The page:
Table 7 illustrates the true-positive rate (TPR) and false-positive rate (FPR) of each technique on different hired datasets. TPR reveals the probability of the positive modules correctly classified, while FPR defines the probability of the negative modules incorrectly classified as the positive modules . The first column of the table shows the list of datasets used, while the second column represents the TPR and FPR on the respective dataset. Apart from this, each row represents the achieved TPR and FPR concerning the individual dataset.
Tables 8 and 9 show the outcomes of absolute errors that are MAE and RAE, respectively. In each table, the first column represents the list of techniques, while the rest of the columns represent the error rate of each dataset concerning techniques employed. As shown in Table 8, while calculating MAE, SVM performs well in reducing the error rate as associated to other utilized techniques. SVM produces better results on five datasets, while MLP and NB produce better results only on two datasets. In the case of calculating RAE, SVM creates better results utilizing four datasets, while A1DE and NB do the same only for one dataset individually. This determines to calculate the absolute error, and SVM outperforms other techniques.
The bold values in the table indicate the reduced error rate.
The bold values in the table indicate the reduced error rate.
However, Tables 10 and 11 present the outcomes of each squared error that are RMSE and RRSE individually. Here, the outcomes of squared error are different than outcomes of absolute error. While calculating RMSE or RRSE in both cases, RF produces better results for three datasets that are JM1, KC3, and MC1, RBF for two datasets that are CM1 and KC2, whereas MLP and CDT for only one dataset separately that are AR3 and AR1, respectively. Although, this analysis shows the best performance of RF as compared to other employed ML techniques.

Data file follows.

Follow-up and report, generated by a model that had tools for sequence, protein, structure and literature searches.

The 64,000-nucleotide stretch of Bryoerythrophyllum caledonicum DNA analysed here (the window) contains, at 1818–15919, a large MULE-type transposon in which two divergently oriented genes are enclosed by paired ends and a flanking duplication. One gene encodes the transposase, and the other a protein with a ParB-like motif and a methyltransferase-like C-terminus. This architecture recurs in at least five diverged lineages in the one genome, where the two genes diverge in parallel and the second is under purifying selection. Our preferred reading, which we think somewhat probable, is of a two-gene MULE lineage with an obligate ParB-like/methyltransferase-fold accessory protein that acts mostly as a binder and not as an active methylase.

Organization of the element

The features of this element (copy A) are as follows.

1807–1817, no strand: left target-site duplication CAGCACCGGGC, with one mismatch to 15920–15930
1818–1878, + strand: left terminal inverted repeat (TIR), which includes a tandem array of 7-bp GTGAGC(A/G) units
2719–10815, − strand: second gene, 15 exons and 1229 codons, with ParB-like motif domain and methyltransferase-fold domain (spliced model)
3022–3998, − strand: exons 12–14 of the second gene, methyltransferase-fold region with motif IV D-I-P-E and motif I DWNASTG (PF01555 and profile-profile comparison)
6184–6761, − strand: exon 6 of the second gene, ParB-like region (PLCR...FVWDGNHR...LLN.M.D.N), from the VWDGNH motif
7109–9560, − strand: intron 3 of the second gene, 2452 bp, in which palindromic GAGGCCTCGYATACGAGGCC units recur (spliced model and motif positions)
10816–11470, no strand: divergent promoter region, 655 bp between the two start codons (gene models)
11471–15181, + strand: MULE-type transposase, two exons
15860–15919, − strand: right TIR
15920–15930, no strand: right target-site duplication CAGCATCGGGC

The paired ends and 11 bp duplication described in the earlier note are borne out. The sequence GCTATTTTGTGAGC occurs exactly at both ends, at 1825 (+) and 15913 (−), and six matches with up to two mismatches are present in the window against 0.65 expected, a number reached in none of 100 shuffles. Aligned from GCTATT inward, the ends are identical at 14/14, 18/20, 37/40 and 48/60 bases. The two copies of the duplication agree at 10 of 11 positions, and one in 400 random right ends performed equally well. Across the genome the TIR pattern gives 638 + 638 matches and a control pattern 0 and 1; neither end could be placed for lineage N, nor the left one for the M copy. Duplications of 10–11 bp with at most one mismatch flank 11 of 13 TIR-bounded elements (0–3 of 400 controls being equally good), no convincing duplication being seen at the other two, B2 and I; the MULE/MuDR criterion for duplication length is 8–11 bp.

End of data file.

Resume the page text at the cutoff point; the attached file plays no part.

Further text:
The bold values in the table indicate the reduced error rate.
The bold values in the table indicate the reduced error rate.
Table 12 shows the outcomes achieved using recall assessment measures. In this table, the first row represents the list of datasets, while the first column represents the list of employed techniques. The rest of the rows concerning individual techniques shows the outcomes utilizing each dataset. This table shows that calculating recall using the AR1 dataset, HMM, and CDT performs well and produces the same results of 0.926. Proceeding utilizing AR3 and KC2 datasets, MLP outperforms other techniques generating 0.937 and 0.847 correspondingly, while on CM1 and AR1 datasets, HMM and on KC3 and AR1 datasets CDT performs well while producing 0.926 and 0.902 results. Moreover, on MC1 and JM1 datasets, the results of RF are better as compared to other techniques that are 0.827 and 0.995 accordingly; while, on the KC3 dataset, SVM performance is better, that is, 0.82. Figure 6 presents the overall recall performance of ML techniques for datasets. It can be concluded that RF, MLP, HMM, and CDT have better performed in terms of recall.